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The SARS-CoV-2 coronavirus and COVID-19 outbreak

– Feb. 28, 2020

In December 2019, the first outbreak of the SARS-CoV-2 coronavirus occurred in the Chinese region of Wuhan. This virus can cause the disease known as Covid-19. Since then, the virus has also found its way to the Netherlands. Read on to find out more about what coronaviruses are exactly, how they work and where SARS-CoV-2 probably originated.

What are coronaviruses?

Coronaviruses (CoV) are a large family of viruses  that can cause diseases, ranging from colds to more serious illnesses. Examples include Middle East Respiratory Syndrome (MERS-CoV) and Severe Acute Respiratory Syndrome (SARS-CoV). Coronaviruses are round in shape, averaging 125 nm in diameter, and have club-shaped spikes on their membrane that led to them being named ‘corona’ (Latin for ‘crown’). The Coronaviridae family has been studied since the 1940s, when the first strain was isolated in mice. 

In humans, coronaviruses are present mainly in the respiratory tract and the gastrointestinal tract. As such, these viruses are associated with a range of mild to fatal upper and lower respiratory tract infections and may play a mild role in acute gastroenteritis (AGE). The new coronavirus, called SARS-CoV-2, is a strain that has not been previously identified in humans. The virus can cause the disease known as Covid-19.

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Where did it come from? 

Viruses from this family are normally found in animals, such as cattle, camels and dromedaries, felines and bats. The virus is not commonly transmitted to humans, a process that is known as zoonosis. SARS-CoV and MERS-CoV are zoonotic and made the jump to humans from civet cats and dromedaries, respectively. Coronaviruses do not appear to be pathogenic – or at least are less pathogenic – in these animals. A 2007 study showed that the virus has a fairly constant population growth in bats. However, when it is transmitted to another host it begins to multiply exponentially. 

In the Wuhan region of China, an outbreak of the new coronavirus SARS-CoV-2 started in December 2019. Like SARS-CoV, SARS-CoV-2 is found in various species of bats. It is still unclear whether the virus was transmitted directly from bats to humans or whether another mammal was the source. Research into the origin of the virus suggests that the first patients contracted it in a market in Wuhan. A virus that closely resembles COVID-19 was discovered in a Chinese pangolin, considered a delicacy in Chinese cuisine.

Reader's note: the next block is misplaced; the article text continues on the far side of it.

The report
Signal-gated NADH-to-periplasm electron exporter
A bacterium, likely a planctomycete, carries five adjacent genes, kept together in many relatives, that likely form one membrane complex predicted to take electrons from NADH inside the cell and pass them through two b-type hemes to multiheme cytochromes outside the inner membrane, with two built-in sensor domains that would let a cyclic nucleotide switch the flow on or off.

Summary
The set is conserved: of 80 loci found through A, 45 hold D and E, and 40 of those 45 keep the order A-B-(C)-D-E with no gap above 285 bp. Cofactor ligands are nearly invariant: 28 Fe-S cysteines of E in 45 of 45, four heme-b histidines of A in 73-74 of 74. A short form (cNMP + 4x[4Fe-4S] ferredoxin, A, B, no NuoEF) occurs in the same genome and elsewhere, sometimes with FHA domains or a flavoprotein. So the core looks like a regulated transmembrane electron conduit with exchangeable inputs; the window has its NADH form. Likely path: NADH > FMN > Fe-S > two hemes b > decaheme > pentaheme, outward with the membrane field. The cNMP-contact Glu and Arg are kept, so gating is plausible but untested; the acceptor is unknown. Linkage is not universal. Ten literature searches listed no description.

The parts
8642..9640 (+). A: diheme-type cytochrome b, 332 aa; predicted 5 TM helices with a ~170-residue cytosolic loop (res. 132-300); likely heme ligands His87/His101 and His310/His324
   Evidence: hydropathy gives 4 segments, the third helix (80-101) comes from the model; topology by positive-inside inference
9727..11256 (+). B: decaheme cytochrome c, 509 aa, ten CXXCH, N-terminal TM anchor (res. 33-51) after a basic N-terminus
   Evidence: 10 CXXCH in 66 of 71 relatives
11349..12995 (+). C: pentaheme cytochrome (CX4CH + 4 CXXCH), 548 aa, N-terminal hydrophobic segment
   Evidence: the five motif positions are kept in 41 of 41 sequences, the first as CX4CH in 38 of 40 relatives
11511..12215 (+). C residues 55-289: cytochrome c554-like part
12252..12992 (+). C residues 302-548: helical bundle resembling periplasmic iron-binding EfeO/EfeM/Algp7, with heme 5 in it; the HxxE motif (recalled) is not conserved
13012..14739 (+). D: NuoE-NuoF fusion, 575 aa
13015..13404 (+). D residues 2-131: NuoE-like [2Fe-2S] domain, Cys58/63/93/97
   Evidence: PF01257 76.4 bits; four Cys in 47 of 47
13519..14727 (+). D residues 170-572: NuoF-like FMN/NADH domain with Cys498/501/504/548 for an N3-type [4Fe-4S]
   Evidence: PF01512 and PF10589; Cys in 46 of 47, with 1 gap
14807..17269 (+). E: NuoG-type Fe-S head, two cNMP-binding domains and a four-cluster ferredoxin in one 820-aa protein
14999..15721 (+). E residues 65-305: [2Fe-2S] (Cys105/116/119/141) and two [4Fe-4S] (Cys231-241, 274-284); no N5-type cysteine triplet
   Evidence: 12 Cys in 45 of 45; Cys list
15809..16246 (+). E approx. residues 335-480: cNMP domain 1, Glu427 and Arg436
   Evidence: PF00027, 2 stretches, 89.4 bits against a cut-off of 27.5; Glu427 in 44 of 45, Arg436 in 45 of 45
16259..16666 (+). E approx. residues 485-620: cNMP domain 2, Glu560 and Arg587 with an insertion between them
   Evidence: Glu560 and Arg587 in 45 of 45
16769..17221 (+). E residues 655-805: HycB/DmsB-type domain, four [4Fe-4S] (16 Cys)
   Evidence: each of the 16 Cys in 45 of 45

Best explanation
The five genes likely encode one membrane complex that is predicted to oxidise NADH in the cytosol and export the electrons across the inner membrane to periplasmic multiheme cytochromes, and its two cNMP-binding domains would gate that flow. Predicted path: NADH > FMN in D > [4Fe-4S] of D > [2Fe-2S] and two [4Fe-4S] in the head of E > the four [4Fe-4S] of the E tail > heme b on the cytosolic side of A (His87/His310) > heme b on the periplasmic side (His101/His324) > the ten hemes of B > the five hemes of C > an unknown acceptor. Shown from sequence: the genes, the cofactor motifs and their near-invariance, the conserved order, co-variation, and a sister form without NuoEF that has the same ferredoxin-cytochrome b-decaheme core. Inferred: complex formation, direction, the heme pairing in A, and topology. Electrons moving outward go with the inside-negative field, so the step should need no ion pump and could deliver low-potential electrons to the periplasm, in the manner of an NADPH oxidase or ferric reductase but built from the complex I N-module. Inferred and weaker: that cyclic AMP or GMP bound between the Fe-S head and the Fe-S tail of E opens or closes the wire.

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How does it work?

Coronaviruses can cause disease symptoms in both animals and humans. Until the outbreak of the SARS epidemic in 2003, coronaviruses were only thought to cause general cold symptoms. Like other viruses, coronaviruses multiply in the cells of their host. The virus lands on the surface of a cell and injects its genetic material (in the case of coronaviruses, this is RNA). The viral material is incorporated into the host cell and stimulates the production of new viruses. Eventually, the cell breaks apart and releases thousands of new copies of the virus. It is this cell infection and death that causes the disease symptoms. During the infection, coronaviruses cause changes in the host cell that can be identified by scientists. For example, the endoplasmic reticulum of the host cell rolls up in specific areas. This is how the virus protects itself from the host's immune system.

SARS-CoV-2 may cause the disease COVID-19. Common signs of the infection include respiratory symptoms, fever, coughing, shortness of breath and difficulty breathing. In more serious cases, the infection can cause pneumonia, severe acute respiratory syndrome, kidney failure and even death. For more information about coronavirus, visit the website of the RIVM .

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